It is therefore an object of the present invention to provide a golf club head which will permit variety in design thereof so as to achieve simultaneously both good operability and high performance.
Another object of the present invention is to provide a golf club head which can increase the hitting distance of a golf ball with stable direction.
A further object of the present invention is the provision of a golf club head which is so tough as to prevent damage thereto when it is used to hit a ball on bare ground or in a bunker.
According to the invention, a golf club head includes a sole formed of metal material and a rib formed on an upper surface of the sole integrally therewith, the rib extending from a heel portion to a toe portion of the golf club head along the longitudinal direction of the sole. A hitting portion is formed of carbon fiber reinforced resin material and has a substantially triangular shape in cross section, the hitting portion being mounted on the sole and fixed thereto with the rib being fitted within the hitting portion. The sole and the hitting portion constitute a head body, the hitting portion occupying an area of from 70 to 85% of the total area of the cross section of the head body substantially at the longitudinal center of the head body. Also provided is a hosel for receiving a shaft therein and formed of metal material integrally with the sole, the hosel being connected to the sole at the heel portion.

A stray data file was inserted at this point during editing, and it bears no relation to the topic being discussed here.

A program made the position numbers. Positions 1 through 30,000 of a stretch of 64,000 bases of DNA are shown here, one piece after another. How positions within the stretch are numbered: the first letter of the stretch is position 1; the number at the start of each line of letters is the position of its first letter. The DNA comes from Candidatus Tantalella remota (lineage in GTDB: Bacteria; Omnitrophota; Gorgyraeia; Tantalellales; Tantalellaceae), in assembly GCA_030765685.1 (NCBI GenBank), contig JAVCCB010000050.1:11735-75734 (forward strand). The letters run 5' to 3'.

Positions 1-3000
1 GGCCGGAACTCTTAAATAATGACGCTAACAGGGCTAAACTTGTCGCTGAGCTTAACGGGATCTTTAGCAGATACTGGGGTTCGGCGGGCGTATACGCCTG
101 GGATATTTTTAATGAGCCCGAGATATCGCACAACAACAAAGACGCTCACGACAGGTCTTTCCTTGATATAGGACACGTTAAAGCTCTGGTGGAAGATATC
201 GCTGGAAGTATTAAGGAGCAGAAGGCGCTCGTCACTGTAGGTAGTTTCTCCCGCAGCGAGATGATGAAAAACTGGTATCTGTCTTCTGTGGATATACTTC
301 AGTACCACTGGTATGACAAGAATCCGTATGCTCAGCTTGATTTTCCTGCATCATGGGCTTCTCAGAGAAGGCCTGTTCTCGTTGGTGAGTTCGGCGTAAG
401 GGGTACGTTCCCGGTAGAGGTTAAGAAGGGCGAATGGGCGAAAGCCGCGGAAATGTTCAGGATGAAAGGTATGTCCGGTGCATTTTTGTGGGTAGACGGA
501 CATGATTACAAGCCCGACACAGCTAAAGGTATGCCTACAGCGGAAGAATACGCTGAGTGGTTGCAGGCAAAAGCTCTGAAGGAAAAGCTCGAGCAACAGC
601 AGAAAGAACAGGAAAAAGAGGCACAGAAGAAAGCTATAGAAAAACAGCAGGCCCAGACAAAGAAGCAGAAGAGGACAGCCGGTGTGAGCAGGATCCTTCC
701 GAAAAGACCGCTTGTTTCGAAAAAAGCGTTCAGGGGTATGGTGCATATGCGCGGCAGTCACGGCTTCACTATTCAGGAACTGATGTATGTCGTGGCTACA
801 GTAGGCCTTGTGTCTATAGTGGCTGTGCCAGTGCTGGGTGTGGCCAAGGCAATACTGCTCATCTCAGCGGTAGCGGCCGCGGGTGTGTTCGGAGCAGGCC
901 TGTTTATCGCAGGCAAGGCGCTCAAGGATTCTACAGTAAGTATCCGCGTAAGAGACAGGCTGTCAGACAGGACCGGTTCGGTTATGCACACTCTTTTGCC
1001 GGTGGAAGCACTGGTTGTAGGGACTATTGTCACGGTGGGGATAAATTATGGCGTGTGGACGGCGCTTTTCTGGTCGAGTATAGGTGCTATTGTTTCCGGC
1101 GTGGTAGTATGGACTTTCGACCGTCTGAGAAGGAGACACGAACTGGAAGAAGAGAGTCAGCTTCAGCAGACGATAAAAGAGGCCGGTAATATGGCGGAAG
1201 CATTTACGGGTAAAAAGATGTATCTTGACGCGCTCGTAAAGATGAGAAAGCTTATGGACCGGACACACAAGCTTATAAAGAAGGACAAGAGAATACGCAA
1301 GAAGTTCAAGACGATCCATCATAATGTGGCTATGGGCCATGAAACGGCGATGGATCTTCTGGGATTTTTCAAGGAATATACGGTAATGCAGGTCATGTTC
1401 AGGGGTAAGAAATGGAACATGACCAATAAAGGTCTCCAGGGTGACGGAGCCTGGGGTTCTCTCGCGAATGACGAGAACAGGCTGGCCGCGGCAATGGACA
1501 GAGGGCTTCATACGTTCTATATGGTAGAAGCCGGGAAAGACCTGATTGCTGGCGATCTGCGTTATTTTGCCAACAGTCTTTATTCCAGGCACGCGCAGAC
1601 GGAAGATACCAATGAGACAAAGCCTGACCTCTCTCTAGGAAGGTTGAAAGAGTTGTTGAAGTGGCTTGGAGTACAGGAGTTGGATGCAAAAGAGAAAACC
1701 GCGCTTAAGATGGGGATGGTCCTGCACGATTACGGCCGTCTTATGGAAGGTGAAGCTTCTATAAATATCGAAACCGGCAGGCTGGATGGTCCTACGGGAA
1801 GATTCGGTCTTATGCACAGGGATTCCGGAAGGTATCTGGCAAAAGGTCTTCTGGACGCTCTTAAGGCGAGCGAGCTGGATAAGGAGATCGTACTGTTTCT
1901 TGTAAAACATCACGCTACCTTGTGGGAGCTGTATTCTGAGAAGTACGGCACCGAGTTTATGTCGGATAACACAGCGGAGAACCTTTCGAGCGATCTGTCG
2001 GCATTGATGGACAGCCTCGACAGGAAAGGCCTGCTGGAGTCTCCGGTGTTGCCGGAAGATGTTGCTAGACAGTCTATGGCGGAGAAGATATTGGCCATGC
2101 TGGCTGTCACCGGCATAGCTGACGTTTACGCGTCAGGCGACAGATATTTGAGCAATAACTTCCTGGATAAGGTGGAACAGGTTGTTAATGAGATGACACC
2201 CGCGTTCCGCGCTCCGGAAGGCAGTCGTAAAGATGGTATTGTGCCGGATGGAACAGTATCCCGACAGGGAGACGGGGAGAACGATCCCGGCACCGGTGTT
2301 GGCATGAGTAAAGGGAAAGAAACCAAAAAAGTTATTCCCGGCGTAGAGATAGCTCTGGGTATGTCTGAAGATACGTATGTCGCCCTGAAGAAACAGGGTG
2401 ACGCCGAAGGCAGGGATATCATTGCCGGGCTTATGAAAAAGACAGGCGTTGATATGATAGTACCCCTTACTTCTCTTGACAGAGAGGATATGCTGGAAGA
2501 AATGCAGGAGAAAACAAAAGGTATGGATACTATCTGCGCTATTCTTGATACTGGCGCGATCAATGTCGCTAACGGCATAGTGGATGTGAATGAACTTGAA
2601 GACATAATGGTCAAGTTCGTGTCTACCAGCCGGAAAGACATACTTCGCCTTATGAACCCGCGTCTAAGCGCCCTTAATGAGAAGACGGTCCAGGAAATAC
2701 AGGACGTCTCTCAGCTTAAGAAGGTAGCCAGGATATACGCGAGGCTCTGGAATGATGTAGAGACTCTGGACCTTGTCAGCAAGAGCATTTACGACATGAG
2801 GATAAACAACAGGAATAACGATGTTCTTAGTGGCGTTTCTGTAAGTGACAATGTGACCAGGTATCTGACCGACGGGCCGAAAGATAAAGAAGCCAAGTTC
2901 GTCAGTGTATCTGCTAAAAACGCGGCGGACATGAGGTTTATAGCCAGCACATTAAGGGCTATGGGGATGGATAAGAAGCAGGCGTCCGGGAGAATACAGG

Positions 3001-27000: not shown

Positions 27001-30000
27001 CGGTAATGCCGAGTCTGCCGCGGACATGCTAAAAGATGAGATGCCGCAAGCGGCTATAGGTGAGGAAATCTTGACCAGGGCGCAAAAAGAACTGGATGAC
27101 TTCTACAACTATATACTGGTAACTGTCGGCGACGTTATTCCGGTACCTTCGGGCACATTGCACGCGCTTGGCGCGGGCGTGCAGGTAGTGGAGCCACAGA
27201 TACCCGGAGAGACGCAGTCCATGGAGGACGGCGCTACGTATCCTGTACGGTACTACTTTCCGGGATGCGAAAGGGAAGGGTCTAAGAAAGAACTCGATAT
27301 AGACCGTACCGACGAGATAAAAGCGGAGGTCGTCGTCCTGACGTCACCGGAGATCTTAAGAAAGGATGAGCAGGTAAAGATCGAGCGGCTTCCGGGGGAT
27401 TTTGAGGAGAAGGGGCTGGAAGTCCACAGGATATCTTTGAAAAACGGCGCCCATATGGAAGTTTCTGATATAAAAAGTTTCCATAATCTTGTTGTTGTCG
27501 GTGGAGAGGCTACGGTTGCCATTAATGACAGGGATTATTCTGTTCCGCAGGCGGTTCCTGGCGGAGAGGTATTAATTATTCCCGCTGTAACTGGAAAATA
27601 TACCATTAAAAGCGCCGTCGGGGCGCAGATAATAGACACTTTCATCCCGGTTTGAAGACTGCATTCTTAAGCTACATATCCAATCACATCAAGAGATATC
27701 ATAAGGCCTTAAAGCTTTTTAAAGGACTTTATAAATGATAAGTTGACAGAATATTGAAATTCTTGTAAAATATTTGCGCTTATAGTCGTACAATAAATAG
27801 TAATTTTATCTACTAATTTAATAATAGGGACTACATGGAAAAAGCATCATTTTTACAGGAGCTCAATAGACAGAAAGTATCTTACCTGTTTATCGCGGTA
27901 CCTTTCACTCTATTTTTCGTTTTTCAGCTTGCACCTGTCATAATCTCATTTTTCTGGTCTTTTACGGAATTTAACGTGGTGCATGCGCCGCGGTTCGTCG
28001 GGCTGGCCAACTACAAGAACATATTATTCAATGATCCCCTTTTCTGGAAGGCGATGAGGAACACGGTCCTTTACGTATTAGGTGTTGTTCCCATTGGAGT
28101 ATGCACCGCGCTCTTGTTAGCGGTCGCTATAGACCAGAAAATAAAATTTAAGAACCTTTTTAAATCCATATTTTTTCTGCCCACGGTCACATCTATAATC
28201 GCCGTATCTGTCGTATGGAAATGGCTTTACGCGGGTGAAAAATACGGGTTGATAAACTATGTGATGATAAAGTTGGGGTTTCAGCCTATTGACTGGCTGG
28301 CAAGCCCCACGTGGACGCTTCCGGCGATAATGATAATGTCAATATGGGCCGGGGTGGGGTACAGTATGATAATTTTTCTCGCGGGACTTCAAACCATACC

Preferably, the height of the rib is gradually increased from the heel portion toward the toe portion. The rib may be tapered from the lower end to the upper end thereof. More preferably, a front surface of the rib is substantially parallel to a face surface of the hitting portion.
A golf club head of the invention may further comprise a tubular extension formed of carbon fiber reinforced resin material integrally with the hitting portion for covering the entirety of the hosel.
Other objects, features and advantages of the present invention will be apparent from the following detailed description of preferred embodiments thereof when taken in conjunction with the accompanying drawings, in which:
FIG. 1 is a front elevation illustrating a golf club head according to a preferred embodiment of the present invention; and
FIG. 2 is a sectional view of the golf club head taken along lines II--II in FIG. 1.